Passover story reworked, retold by Alyson Ray
Photo: Joe Ray
“Giving each other the gift of laughter and some silliness, as we read what really is such an important and serious part of our heritage, is something I love to do,” says Alyson Ray, who for 15 years has been creating Haggadot for her family’s Passover Seders.

By Deb Silverthorn

Once upon a time there were thousands of years of stories to tell. Since 2009, Alyson Ray has had her family’s Haggadah written, and rewritten, from year to year. What started as an assignment during a class preparing her for her bat mitzvah, has turned into a labor of love and lore.

“We’ve had Seders small and large, up to 40 people, and it’s always been a favorite holiday for so many reasons. Bringing everyone together and sharing lots of traditions makes it meaningful. Being able to create ‘our story’ out of our story is something I’ve enjoyed through the years,” said Ray.

Ray was raised in Oklahoma City, the daughter of Elaine and Harrison Levy and sister of Stuart. Her synagogue, Temple B’nai Israel, only began holding bat mitzvahs as she came of age. She was not interested at the time; her true Jewish connection happened in the years that followed when she was a member of TOFTY (Texas Oklahoma Federation of Temple Youth) and a counselor at URJ Greene Family Camp.

Her family’s base was the “Union Haggadah,” then the “30 Minute Seder: The Haggadah That Blends Brevity With Tradition.”

She is married to Joe, whom she met through a JCC singles party. As the couple’s daughters — Katie, Becca and Lexi — and their generation were going through their own bat mitzvah studies and celebrations, Ray decided she wanted to learn, grow and connect in that manner as well.

The family has deep roots at Temple Emanu-El. There she joined the adult bat mitzvah class; one of the leaders suggested using the creation of a Haggadah as a good Hebrew language exercise.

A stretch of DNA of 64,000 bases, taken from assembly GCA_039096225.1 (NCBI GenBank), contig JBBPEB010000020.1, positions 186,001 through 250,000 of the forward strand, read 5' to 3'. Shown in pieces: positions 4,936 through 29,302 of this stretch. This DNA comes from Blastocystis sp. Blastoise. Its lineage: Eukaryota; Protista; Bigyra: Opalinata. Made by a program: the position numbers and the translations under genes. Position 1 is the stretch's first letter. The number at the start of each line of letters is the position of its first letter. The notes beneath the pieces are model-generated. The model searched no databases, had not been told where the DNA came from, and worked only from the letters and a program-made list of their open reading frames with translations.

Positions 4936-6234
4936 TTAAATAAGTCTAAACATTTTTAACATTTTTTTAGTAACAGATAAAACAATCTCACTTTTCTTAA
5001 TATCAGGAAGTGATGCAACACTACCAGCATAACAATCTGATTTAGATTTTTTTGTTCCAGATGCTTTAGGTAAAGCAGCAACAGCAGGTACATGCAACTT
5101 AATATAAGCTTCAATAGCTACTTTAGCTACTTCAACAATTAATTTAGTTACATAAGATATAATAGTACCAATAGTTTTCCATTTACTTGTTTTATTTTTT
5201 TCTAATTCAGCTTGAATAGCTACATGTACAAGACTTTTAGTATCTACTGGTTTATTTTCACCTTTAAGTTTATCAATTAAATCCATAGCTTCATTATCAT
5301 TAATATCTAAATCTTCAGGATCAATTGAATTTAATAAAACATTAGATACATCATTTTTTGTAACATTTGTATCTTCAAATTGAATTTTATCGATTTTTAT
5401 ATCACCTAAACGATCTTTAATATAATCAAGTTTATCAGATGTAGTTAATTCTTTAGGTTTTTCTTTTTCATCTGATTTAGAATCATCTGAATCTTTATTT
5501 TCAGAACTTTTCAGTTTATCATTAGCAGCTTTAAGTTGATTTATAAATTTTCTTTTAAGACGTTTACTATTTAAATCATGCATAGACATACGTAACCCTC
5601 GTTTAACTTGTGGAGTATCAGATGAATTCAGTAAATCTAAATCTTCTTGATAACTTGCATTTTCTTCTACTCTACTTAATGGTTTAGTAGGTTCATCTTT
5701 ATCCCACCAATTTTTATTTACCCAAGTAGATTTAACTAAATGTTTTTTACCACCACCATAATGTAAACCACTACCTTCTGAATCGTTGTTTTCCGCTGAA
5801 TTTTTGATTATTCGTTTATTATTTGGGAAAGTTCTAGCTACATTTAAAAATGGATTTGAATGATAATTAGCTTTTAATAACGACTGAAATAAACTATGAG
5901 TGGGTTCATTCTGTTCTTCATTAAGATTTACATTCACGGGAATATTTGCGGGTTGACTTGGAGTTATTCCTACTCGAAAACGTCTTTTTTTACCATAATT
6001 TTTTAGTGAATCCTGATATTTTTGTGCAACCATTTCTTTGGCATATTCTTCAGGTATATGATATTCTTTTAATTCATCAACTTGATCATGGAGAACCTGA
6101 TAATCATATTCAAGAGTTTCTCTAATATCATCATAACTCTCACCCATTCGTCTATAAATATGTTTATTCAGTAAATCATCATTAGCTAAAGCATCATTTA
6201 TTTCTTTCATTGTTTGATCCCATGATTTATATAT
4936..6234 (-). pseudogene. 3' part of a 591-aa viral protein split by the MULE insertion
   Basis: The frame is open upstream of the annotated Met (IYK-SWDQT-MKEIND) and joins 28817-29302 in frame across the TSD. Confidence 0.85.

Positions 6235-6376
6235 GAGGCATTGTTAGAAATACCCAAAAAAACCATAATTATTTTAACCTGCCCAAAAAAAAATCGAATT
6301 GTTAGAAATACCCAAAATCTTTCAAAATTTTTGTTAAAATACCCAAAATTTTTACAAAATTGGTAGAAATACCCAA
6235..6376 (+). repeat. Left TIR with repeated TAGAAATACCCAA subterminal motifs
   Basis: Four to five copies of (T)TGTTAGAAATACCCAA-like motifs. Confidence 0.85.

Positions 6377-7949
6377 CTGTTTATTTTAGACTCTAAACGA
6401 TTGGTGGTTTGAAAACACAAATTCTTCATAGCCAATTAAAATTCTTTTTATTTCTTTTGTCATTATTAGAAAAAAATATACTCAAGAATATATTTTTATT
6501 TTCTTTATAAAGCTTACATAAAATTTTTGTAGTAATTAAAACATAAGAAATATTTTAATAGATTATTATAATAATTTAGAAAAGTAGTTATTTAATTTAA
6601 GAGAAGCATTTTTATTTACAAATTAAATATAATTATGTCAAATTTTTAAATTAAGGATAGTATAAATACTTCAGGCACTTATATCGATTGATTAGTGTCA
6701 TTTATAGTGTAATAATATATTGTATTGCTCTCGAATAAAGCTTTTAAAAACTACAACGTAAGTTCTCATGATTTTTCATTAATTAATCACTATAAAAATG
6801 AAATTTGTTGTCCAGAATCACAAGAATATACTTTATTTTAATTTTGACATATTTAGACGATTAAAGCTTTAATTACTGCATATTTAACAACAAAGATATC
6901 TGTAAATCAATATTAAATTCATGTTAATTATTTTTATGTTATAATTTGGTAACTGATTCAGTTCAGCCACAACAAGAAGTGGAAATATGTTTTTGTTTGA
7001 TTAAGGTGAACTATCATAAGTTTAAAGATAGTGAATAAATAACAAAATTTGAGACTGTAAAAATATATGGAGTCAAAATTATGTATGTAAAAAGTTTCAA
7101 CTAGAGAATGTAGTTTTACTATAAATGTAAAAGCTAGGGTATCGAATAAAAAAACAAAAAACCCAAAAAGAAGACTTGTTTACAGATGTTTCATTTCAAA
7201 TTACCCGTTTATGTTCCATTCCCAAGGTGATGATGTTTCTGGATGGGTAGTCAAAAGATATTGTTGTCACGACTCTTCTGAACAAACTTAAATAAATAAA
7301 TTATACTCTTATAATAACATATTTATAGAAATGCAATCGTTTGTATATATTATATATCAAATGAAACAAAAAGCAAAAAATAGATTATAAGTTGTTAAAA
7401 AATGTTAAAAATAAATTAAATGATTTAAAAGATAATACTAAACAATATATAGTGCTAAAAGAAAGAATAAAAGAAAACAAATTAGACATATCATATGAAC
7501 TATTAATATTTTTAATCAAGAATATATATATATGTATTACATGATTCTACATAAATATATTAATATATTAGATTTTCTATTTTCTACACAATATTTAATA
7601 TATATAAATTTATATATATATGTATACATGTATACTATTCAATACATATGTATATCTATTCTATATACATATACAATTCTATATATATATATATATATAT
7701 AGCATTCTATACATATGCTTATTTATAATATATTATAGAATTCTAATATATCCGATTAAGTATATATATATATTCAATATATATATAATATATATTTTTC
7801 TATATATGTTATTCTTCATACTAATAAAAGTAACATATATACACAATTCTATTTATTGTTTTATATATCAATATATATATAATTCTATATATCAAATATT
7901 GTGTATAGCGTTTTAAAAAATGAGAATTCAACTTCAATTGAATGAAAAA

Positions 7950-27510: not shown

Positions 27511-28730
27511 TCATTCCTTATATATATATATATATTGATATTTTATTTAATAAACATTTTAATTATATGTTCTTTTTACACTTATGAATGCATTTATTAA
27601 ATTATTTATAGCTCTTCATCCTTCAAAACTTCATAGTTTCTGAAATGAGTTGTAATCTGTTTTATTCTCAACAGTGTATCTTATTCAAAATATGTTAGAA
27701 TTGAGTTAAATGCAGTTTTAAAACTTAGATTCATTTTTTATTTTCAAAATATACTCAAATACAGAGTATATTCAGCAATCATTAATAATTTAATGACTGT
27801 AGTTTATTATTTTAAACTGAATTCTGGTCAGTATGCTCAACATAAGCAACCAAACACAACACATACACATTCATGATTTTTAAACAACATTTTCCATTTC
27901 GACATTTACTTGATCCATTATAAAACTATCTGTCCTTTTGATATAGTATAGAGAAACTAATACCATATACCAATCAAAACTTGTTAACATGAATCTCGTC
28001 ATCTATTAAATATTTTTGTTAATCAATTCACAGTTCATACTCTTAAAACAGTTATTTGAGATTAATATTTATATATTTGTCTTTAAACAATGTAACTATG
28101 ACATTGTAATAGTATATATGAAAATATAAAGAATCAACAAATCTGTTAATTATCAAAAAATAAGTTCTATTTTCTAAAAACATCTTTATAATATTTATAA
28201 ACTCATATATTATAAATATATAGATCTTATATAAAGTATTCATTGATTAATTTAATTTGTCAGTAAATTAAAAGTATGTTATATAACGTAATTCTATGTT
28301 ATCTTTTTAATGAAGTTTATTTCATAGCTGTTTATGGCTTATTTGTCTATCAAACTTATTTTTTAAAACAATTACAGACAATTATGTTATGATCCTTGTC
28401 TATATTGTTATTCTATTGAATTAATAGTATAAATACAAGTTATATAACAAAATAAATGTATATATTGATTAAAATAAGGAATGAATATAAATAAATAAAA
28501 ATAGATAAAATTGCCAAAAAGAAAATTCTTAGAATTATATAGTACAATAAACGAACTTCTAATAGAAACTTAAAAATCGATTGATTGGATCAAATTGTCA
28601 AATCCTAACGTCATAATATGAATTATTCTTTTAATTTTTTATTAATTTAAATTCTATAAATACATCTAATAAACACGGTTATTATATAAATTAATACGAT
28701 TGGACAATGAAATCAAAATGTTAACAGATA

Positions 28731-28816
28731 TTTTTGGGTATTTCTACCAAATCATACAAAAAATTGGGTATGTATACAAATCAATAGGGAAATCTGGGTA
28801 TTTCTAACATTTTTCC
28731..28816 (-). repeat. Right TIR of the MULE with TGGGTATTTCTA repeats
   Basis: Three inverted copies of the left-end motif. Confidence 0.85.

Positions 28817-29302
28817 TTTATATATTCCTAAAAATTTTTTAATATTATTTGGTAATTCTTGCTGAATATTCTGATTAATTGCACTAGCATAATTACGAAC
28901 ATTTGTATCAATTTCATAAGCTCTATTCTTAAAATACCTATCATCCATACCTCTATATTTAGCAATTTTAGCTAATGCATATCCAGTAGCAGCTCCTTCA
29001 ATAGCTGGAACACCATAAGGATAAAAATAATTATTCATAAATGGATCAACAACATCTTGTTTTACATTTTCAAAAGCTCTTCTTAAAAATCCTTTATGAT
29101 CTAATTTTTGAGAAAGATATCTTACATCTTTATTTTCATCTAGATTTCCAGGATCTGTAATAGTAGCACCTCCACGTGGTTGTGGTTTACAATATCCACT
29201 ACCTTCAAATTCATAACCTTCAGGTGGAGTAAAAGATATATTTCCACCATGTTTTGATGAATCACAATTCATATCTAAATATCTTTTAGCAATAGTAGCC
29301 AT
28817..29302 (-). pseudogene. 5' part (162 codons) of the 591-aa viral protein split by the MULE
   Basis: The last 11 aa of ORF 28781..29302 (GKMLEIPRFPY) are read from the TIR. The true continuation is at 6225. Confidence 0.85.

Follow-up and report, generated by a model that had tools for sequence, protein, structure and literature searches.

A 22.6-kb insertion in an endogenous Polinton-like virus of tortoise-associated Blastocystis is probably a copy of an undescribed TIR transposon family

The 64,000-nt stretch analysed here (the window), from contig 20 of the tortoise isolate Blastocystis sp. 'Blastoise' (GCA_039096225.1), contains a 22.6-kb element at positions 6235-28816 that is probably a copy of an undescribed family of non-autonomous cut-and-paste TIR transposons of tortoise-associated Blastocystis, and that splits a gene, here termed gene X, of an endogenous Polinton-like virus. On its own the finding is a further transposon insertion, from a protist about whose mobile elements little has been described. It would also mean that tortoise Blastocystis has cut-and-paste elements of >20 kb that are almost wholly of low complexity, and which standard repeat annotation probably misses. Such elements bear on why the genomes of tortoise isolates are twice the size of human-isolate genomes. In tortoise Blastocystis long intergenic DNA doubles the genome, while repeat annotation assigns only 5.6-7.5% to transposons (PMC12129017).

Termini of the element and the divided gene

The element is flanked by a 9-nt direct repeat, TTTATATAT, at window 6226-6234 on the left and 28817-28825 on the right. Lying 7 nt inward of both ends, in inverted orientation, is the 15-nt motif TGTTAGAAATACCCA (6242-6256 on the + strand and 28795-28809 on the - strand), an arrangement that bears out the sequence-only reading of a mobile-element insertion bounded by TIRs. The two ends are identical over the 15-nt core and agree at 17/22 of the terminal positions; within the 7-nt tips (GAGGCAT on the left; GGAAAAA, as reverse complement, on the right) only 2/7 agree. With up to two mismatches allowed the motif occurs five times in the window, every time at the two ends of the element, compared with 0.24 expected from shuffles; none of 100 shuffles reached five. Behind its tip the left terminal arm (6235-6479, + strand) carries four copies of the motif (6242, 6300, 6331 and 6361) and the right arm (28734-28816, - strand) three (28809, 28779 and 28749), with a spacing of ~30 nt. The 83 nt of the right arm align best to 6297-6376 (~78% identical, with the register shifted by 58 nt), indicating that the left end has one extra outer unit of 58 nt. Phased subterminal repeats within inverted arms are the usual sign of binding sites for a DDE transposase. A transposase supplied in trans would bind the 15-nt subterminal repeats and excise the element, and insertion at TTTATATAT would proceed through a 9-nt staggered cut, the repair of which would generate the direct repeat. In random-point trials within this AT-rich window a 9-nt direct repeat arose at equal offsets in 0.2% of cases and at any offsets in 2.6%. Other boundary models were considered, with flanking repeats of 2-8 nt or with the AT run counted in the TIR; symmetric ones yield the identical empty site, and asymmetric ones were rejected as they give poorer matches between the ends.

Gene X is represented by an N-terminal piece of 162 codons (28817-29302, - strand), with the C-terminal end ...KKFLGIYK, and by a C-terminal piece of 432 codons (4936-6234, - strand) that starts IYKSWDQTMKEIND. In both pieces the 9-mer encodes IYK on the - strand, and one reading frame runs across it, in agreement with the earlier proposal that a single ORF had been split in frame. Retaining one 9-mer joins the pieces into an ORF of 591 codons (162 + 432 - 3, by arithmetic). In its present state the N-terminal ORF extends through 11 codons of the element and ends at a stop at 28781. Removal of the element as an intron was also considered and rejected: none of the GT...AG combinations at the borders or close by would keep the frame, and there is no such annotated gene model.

Each year the Ray Family Haggadah has kept the focus and traditions but with new songs, memes, cartoons and more being brought in.

“I included a play one year, ‘Let My People Go,’ and each guest was ‘cast’ in a role. I’ve made up some of the things I put in and I’ve found lots online. There’s so much to be found. It’s fun to have everyone, every age, somehow included,” said Ray.

Ray’s Haggadah is the gift that keeps on giving for her family and guests. Once you hear it, even read it, it’s tough to get “Gilligan’s Exodus” — sung to the theme of “Gilligan’s Island” — out of one’s head.

“Recline right back and you’ll hear a tale, a tale of a fateful trip, that started many years ago in old, ancient Egypt. The Jews were forced to work as slaves, they suffered that ordeal. We celebrate their Exodus with a three-hour meal, a three-hour meal!”

While the matzo ball soup is flowing, and the angst for the afikoman growing, Ray recommends creativity from within each home to make the effort of the holiday worth undergoing.

Sandi Greenberg, whose family shared many Seders with the Rays, says the multigenerational meals were always fun, creative and a good time together.

“For sure there was so much to look at aside from the traditional prayers and story, and that made it lots of fun” she said.

The designs and inclusions come throughout the year; as she’s cleaning the chametz and buying the matzos, copies from Kinko’s are always on her to do list.

“This holiday is about freedom, about leaving slavery behind. For most families it is for sure the time to connect. Giving each other the gift of laughter and some silliness, as we read what really is such an important and serious part of our heritage, is something I love to do,” she said.

This year, she is getting ready to travel to Australia, where her daughter lives and where she will enjoy a “down under” Seder.

More “Gilligan” lyrics to giggle and sing: “The Pharaoh was an evil dude, his wrath would not repent; if not for the effort of the fearless Jews… we’d all be keeping Lent.”

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  1. Elisa Malinovitz

    I love everything about this story! Beautiful tale, beautifully told!

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